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Stories of Service

You can search for the name or unit and you will get a list of the stories that contain them.

Morrison Hayes

Submitted by: Scott Spillane {American Legion Post 702 Adjutant}

Morrison Hayes image

Morrison Hayes born around 1895. Morrison Hayes served in World War 1 with the United States Army. The enlistment was in 1917 and the service was completed in 1918.

Story of Service

 

Our Post Morrison Hayes Post #702 in Wellsville, NY. was named after Cpl. Morrison Hayes. He was killed in action on July 19, 1918 after wounds received in combat.

Corporal Hayes is buried overseas in France. Cpl. Hayes was a member of B Company 10th Machine Gun Battalion.

Our Post is 100 years old this year with 100% goal in membership in Legion, Auxiliary and Sons. This post is one of the cornerstones of Wellsville, New York.

 

 

 

J. Arthur Mayer

Submitted by: John A Mayer {Son}

J. Arthur Mayer mugJ. Arthur J. Arthur Mayer born around 1893. J. Mayer served in World War 1 with the United States Army. The enlistment was in 1918 and the service was completed in 1919.

Story of Service

 

Veterans Day has always seemed special to me. My Dad, J. Arthur Mayer, was a WW I veteran and I grew up hearing his reminiscences. On this one hundredth anniversary of Armistice Day I just feel compelled to record some of those “rememberies.” Our once close-knit family has spread to the four corners and there is no one left in the immediate family who seems much interested, so I’ll post it here in his memory FWIW. (Yeah, we skipped a generation. Dad was born in 1893, and was 50 before I was born in 1944. I’m the age of my second cousins. Many of my first cousins were WW II veterans.)

Dad was 24 when he was drafted off the farm. He entered active duty in July 1918, and was sent to Camp Pike, Arkansas for basic training, I think for 4-5 weeks. He was one of the older men in his group, and was offered NCO Academy training. But he said it was so hot and humid and generally miserable there that when his group was given the opportunity to “go to Brest”- the debarkation point for the American Expeditionary Force in France – that he volunteered for that. He said it was to escape the misery of Arkansas, but I suspect he also felt some duty to go in place of his older married brothers who were starting families and other married men.

Read more: J. Arthur Mayer

A Tradition of Service Logo 75Harold William Jenkins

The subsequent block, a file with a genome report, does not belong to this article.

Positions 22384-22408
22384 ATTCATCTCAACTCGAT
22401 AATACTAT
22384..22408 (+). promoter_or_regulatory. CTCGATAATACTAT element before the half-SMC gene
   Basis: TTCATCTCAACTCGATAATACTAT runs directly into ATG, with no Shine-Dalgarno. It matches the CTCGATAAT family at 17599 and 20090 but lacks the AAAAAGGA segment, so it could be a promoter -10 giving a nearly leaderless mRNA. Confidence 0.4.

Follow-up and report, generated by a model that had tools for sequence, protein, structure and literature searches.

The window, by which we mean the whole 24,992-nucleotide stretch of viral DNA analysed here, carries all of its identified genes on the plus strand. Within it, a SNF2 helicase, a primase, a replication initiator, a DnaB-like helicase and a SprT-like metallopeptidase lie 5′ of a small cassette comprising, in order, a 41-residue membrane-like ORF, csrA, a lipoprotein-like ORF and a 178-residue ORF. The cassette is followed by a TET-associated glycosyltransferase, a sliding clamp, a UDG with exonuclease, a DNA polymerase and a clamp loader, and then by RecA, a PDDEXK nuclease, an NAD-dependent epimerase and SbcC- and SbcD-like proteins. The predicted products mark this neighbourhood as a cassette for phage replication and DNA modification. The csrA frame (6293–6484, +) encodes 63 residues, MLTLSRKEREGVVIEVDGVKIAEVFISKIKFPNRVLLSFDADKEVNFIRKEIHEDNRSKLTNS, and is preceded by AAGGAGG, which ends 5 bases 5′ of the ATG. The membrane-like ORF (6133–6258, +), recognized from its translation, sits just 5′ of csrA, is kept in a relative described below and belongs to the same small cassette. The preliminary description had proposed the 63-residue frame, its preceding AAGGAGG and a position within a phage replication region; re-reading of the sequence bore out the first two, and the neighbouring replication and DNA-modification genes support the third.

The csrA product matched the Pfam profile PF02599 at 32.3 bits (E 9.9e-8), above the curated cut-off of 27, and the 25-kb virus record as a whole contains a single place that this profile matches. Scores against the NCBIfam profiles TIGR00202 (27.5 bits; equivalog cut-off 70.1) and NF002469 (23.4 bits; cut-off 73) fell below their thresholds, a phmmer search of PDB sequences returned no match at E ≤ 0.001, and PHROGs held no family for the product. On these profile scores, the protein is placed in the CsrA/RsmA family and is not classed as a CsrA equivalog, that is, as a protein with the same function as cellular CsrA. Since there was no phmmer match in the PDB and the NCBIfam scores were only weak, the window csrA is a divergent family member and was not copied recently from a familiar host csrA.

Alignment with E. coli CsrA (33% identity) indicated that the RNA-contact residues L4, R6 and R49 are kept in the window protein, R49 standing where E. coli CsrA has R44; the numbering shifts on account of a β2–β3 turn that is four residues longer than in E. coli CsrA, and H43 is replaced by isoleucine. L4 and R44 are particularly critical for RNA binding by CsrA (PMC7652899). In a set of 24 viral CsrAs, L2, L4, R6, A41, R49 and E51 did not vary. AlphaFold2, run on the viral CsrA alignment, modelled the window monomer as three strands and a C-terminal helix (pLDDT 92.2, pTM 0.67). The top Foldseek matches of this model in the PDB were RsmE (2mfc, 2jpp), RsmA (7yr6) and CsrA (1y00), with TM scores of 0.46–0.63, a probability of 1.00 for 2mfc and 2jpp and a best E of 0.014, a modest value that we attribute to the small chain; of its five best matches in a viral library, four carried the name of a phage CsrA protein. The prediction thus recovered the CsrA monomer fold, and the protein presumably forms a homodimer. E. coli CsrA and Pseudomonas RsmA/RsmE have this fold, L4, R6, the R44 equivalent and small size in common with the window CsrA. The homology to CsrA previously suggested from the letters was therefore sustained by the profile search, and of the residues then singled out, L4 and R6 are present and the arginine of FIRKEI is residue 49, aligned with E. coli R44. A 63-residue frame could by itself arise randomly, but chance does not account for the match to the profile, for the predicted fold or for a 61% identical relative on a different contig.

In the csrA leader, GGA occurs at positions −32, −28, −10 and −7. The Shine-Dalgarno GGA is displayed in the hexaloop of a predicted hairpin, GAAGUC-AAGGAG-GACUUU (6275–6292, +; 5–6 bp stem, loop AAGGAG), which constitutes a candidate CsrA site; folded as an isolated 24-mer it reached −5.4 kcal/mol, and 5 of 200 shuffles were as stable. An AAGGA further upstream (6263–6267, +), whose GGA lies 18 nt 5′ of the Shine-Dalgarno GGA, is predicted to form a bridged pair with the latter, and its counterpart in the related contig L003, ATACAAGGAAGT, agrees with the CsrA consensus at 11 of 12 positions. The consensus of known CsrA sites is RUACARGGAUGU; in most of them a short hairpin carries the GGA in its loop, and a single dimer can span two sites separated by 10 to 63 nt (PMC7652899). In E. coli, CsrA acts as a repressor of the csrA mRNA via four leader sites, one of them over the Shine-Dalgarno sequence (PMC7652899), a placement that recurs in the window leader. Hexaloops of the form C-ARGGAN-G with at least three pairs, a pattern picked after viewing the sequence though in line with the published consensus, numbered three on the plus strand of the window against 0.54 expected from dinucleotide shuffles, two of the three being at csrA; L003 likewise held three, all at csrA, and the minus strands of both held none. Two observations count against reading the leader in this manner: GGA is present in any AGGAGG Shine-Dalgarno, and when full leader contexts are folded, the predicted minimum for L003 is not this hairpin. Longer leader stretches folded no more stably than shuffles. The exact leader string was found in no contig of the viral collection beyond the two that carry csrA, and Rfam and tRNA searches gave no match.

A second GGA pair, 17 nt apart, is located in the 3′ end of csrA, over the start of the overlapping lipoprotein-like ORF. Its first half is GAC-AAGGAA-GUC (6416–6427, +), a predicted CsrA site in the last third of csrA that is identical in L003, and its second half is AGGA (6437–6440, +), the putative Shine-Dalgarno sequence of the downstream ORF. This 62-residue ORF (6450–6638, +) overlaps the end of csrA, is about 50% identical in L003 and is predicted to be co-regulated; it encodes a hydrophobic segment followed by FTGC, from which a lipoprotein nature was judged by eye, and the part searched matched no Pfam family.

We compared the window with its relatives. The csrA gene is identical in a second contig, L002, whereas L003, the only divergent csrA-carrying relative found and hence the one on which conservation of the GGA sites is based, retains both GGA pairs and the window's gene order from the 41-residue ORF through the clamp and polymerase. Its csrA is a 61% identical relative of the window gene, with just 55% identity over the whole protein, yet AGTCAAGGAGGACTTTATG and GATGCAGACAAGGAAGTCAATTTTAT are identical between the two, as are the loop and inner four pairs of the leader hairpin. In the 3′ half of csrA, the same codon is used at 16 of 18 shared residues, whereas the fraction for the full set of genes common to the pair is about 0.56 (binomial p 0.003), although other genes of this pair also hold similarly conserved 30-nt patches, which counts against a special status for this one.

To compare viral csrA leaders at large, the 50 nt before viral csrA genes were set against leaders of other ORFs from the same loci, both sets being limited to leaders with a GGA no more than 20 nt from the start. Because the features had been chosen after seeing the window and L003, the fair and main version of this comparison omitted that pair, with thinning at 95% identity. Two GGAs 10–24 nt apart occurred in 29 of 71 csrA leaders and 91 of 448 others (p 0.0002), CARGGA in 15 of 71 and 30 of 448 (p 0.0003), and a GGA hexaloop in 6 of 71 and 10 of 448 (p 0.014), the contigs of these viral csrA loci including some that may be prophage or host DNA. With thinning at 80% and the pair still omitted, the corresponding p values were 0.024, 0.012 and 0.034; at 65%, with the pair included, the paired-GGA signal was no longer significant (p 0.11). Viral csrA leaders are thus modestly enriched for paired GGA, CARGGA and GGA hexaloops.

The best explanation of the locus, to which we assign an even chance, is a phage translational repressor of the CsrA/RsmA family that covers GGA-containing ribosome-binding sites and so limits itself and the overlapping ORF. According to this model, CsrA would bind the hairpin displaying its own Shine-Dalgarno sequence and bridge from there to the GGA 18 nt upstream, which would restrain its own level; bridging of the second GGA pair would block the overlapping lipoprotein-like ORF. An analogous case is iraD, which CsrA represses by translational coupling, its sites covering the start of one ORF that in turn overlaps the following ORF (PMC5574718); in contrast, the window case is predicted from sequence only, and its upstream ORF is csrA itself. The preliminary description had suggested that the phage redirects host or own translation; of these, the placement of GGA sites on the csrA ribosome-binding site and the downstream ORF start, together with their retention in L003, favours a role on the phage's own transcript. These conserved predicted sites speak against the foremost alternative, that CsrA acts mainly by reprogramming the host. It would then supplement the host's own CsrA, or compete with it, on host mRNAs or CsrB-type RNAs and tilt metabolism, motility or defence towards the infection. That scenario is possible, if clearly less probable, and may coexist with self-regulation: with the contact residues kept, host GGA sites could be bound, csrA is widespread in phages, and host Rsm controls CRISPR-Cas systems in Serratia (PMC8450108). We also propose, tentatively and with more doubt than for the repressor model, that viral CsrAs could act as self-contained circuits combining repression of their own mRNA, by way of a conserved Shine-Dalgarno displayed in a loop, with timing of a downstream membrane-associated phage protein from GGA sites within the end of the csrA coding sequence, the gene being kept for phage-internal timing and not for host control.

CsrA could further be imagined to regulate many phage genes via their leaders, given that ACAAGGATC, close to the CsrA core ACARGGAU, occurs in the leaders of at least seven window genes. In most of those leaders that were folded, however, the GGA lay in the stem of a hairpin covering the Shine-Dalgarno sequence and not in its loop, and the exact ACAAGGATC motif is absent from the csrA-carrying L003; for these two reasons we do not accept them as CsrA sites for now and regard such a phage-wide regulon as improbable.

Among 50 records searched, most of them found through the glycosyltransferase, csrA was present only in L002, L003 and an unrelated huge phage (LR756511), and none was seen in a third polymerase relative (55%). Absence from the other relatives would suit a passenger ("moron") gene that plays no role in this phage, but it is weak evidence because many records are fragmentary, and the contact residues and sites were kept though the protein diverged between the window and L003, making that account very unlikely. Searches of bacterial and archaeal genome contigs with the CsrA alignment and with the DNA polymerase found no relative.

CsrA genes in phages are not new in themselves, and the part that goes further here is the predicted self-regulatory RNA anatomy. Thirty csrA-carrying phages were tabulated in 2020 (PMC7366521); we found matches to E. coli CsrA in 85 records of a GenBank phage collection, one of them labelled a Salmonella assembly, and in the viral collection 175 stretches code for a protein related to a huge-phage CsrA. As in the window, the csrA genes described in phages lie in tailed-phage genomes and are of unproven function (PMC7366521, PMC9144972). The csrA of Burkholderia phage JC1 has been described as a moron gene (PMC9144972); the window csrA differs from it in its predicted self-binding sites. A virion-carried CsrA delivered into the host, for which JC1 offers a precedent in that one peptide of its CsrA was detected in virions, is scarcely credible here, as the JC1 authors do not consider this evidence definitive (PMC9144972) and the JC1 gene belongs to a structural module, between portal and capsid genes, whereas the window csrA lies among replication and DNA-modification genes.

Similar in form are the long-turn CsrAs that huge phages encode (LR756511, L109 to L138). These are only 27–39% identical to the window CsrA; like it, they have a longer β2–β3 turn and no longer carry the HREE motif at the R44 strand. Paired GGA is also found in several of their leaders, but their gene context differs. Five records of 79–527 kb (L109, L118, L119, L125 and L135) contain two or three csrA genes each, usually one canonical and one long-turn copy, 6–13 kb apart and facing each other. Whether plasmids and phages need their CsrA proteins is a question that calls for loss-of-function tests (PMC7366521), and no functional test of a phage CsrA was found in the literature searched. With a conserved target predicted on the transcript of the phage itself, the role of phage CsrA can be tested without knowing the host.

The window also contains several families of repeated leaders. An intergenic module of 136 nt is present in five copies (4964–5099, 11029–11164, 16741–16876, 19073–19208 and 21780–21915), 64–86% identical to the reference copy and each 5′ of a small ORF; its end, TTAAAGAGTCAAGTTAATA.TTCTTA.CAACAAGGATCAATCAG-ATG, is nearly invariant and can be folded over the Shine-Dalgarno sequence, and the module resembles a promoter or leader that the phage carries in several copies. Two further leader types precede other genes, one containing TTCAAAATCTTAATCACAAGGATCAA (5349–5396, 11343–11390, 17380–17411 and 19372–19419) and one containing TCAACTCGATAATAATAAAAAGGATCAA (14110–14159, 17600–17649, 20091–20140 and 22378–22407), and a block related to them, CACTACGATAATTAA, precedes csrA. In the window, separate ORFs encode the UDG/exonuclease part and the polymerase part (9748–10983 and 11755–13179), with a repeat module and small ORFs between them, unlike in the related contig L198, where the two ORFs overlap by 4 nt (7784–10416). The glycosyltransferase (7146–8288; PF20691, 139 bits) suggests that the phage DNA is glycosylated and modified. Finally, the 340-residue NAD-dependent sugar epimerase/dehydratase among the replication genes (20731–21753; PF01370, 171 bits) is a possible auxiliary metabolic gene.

Submitted by: Thomas H Jenkins (Son}

HAROLD JENKINS image

Harold William Jenkins was born around 1896. Harold William Jenkins served in World War 1 with the United States Army. The enlistment was in 1917 and the service was completed in 1918.

Story of Service

 

The story of my dad really is the story of 2 generations overlapping 3 wars.

Firstly my dad was a farmer from Missouri born 1896, and drafted in 1917 into the Army. He was initially stationed in Texas. It was later that he was shipped to France as a Sgt. that his tour ended.

Much of his stories were never told, for I was only a minor, born 1949 and my mother was born 1927, so big age difference. He begin to relay stories as I as growing, spending much of the summers with him on the street cars, the "LA RED CARS".

My dad passed in 1965 at LA County Hospital, after many visits to the Veterans hospital. Which to me, I was 14, was an time of seeing much suffering of that generation. I myself and my brother served in the Marines in Viet Nam era, being draft inducted. I now started to understand what it meant to be up on duty during a War.

Thanks to all those that served in all wars to end the previous wars, and Happy Birthday Dad.

Your son, Thomas H Jenkins USMC 1968-1979 27th Marines

 

William Leo Greenaway

Submitted by: William Greenaway {Son}

William Greenaway image

William Leo Greenaway was born around 1901. William Greenaway served in World War 1 with the United States Marine Corps. The enlistment was in 1918 and the service was completed in 1919.

Story of Service

 

Enlisted 7 JUL 1918 at 17 years old.

Assignments/Service:

Company ''E'' Marine Barracks,

Paris Island, SC & Overseas Depot,

Marine Barracks, Quantico, VA;

Company ''L'', 13th Regiment, AEF France/USS Henderson/Rest Camp Brest, France/Camp Saint Sulpice, Gironde, France/USS Siboney. Discharged 1919.

 

Alexander J O'Hanlon